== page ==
Review: Why Pixar's 'Soul' is a masterpiece that will be wasted on the small screen
Animated feature, which has been moved to Disney+ as cinemas remain closed around the world, was made to be seen on the big screen
When Soul premiered at the London Film Festival this week, with socially distanced screenings, Pixar chiefs could be forgiven for feeling a little pang. Like his last film Inside Out, Pete Docter’s animated adventure was originally due to get the red-carpet treatment at Cannes this year until the Covid-19 pandemic saw to it that the world’s most famous film festival, like so much else this year, was cancelled.
Soul was swiftly moved by Disney, which own Pixar, to a November berth. But a recent rise in coronavirus cases around the world has left cinemas closed, particularly in key US cities such as New York and Los Angeles.
Last week, shortly after Disney shifted a number of its other films to 2021 releases, the company announced that Soul would now play on Disney+ in December in regions where the streaming service is available.
It yet again crystallises the existential problem that the film industry has wrestled with this year: big screen versus little screen. In April, Universal attempted to beat the pandemic by bypassing cinemas and offering Trolls: World Tour to audiences via video-on-demand. No offence to the day-glo characters voiced by Justin Timberlake and Anna Kendrick, but that was a not-particularly-anticipated sequel with a youthful fanbase undoubtedly quite happy to sit at home and sing along.
Soul is an entirely different prospect. Since the departure of John Lasseter from Pixar, Docter is the chief spark of inspiration at the company. His last two films, Up (2009) and Inside Out (2015), won Oscars for Best Animated Feature, and are among the most imaginative and innovative Pixar movies of the past 25 years (and that’s putting them up against such classics as Toy Story and Finding Nemo). Soul is another stone-cold classic, every bit as beautiful.
The first Pixar movie to feature an African-American lead character, the timing in the year of the Black Lives Matter protests also feels spot on. Co-directing/writing with Docter is Kemp Powers, an African-American screenwriter who has no previous animation experience but is clearly a huge talent (he also scripted the coming One Night In Miami, a fictional account of a meeting between four black icons: Muhammad Ali, Malcolm X, Sam Cooke and Jim Brown).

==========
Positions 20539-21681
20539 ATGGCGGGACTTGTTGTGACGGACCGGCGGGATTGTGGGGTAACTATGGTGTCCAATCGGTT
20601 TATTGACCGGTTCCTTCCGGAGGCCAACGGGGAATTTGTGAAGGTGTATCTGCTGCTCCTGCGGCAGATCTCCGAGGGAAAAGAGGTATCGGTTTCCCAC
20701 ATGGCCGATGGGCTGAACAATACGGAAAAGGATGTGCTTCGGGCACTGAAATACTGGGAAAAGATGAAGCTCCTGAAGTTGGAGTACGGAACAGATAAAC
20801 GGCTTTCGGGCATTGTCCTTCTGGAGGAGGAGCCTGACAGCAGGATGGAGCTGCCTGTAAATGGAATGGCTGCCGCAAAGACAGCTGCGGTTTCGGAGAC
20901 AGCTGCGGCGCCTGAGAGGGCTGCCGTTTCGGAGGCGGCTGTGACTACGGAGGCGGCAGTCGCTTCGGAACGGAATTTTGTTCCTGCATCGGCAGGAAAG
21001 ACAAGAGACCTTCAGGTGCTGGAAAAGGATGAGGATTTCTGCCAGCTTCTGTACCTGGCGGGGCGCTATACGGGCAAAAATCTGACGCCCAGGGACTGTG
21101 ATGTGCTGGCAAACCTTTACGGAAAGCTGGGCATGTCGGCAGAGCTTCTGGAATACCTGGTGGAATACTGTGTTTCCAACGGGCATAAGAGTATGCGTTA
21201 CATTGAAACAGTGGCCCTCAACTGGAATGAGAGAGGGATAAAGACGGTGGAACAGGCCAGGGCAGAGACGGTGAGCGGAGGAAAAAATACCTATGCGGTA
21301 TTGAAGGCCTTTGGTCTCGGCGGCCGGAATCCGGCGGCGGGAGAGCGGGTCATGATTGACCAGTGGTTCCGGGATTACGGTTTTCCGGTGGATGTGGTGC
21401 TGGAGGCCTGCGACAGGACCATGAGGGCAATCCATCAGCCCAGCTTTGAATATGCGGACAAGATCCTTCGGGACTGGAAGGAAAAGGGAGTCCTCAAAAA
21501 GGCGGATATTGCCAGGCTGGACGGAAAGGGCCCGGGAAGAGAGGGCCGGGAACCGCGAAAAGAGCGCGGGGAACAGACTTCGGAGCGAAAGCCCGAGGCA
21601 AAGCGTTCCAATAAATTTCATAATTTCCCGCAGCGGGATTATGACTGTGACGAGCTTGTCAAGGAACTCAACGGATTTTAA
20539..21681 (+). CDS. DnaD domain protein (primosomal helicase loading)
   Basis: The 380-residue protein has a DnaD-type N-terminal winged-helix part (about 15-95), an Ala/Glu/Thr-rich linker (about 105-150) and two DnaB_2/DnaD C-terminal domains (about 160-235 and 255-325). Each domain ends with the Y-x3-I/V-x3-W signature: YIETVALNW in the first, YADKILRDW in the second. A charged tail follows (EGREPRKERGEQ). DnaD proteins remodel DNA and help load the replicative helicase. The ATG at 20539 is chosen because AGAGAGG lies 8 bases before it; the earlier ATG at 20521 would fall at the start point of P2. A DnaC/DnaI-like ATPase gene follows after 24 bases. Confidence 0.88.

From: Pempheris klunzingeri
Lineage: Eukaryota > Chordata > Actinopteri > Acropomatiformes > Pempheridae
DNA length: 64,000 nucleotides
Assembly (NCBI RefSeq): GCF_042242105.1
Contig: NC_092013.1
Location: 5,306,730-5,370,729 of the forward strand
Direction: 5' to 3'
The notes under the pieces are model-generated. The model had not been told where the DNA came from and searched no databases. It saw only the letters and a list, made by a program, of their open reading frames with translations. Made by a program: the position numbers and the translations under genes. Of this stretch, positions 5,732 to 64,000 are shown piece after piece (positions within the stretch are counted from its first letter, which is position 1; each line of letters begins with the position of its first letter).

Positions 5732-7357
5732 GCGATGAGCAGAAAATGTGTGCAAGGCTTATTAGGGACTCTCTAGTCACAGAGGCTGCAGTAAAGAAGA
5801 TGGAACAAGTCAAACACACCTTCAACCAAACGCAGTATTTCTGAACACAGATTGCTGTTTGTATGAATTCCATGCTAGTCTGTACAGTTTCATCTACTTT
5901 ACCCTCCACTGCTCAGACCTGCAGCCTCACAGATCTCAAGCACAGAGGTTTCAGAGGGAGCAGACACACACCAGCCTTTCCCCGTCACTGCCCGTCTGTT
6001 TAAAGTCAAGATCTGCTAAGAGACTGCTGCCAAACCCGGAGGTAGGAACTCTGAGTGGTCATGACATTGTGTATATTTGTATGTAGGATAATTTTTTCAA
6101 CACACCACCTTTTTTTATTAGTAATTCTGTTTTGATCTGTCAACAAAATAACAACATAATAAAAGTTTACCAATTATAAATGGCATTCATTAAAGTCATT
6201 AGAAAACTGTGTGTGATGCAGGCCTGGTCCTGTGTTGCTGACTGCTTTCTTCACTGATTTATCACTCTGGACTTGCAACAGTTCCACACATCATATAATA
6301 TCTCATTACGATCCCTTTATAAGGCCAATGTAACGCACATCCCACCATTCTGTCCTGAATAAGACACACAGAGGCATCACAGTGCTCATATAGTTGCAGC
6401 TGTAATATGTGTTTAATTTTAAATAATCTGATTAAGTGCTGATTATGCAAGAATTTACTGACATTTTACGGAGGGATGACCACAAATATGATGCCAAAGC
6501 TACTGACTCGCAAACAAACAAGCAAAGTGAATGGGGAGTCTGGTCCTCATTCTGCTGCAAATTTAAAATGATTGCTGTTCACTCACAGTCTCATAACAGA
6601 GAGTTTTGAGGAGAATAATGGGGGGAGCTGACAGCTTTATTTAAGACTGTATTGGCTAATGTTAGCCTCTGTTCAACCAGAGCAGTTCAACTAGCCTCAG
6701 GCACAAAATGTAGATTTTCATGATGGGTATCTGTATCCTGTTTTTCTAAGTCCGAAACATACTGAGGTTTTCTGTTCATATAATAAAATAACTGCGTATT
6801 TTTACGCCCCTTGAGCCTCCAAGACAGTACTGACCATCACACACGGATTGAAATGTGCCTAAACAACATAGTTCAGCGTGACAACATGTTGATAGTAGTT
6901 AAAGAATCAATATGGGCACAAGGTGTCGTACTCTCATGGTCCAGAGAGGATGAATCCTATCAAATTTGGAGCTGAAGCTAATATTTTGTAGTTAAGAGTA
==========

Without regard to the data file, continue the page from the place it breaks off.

At the centre of Soul is Joe (voiced by Oscar-winner Jamie Foxx), a middle-aged New York teacher who dreams of playing piano in jazz clubs. He believes his life is a failure. So does his mother. But then he gets a break – the chance to tinkle the ivories for Dorothea Williams (Angela Bassett), a no-nonsense sax player who grooves in a club called the Half Note. As he leaves his audition on cloud nine – narrowly missing several near-deaths – he falls down a manhole.
The next thing Joe knows, he’s now a soul (still wearing his hat and glasses) heading up an ethereal escalator towards “the great beyond”. Fleeing the inevitable, he finds his way to “the great before”, a pre-amble for souls being prepped for their time on Earth. All he wants to do is get back to his own body and play that gig he’s been dreaming of, but that’s easier said than done when you’ve shuffled off this mortal coil.
Soul can be considered a companion to Inside Out, which visualised emotions inside a young girl. This metaphysical masterclass does something similar. Joe is eventually paired with 22 (Tina Fey), a moody soul who never found her “spark” and now fears living down below. “You can’t crush a soul here,” she explains, when a few sprightly looking souls almost get squished. “That’s what life on Earth is for.”
There’s even an area called ‘the zone’, a place where artists, musicians or sportspeople find divine inspiration. It’s also where untethered lost souls are doomed to wander. The sheer scope of Soul is breathtaking, and that’s before you even consider the animation. One sequence, as a dazed Joe bursts out into the New York streets into a cacophony of noise, is simply dazzling. Likewise, the grimy subway is rendered in such detail you can practically smell the stench.
It brings us back to this idea of debuting the film on Disney+. Already Mulan – another exquisite-looking movie practically begging for the big screen – landed on there with a pay-per-view price tag. Now, with cinemas in dire straits, Disney has taken the calculated route of sending Soul straight to streaming in the hope of increasing its 60 million-plus subscriber base. But this isn’t a Trolls sequel; this is a Pixar masterpiece and, arguably, the most grown-up film it’s ever made.
There are nods to Carl Jung and Copernicus. Bob Dylan’s Subterranean Homesick Blues plays on the soundtrack, alongside jazz music arranged by Jon Batiste. Even if it’s a simple story about not wasting a minute of your time on Earth, it’s full of philosophical musings about the afterlife. Yes, there’s a cute cat and a chase sequence that appears to be mandatory in any American children’s animation, but this feels like a big-screen experience with big ideas.
While some will be fortunate to catch Soul at cinemas in countries where Disney+ is unavailable, many will not. Of course, Covid-19 has caused far more misery than depriving audiences of seeing a Pixar movie in their local movie house. But with cinemas currently crying out for content or facing permanent closure, there’s something heartbreaking when a film this beautiful is being teleported straight to the small screen. It seems Disney really has no soul.
Updated: October 12, 2020 02:57 PM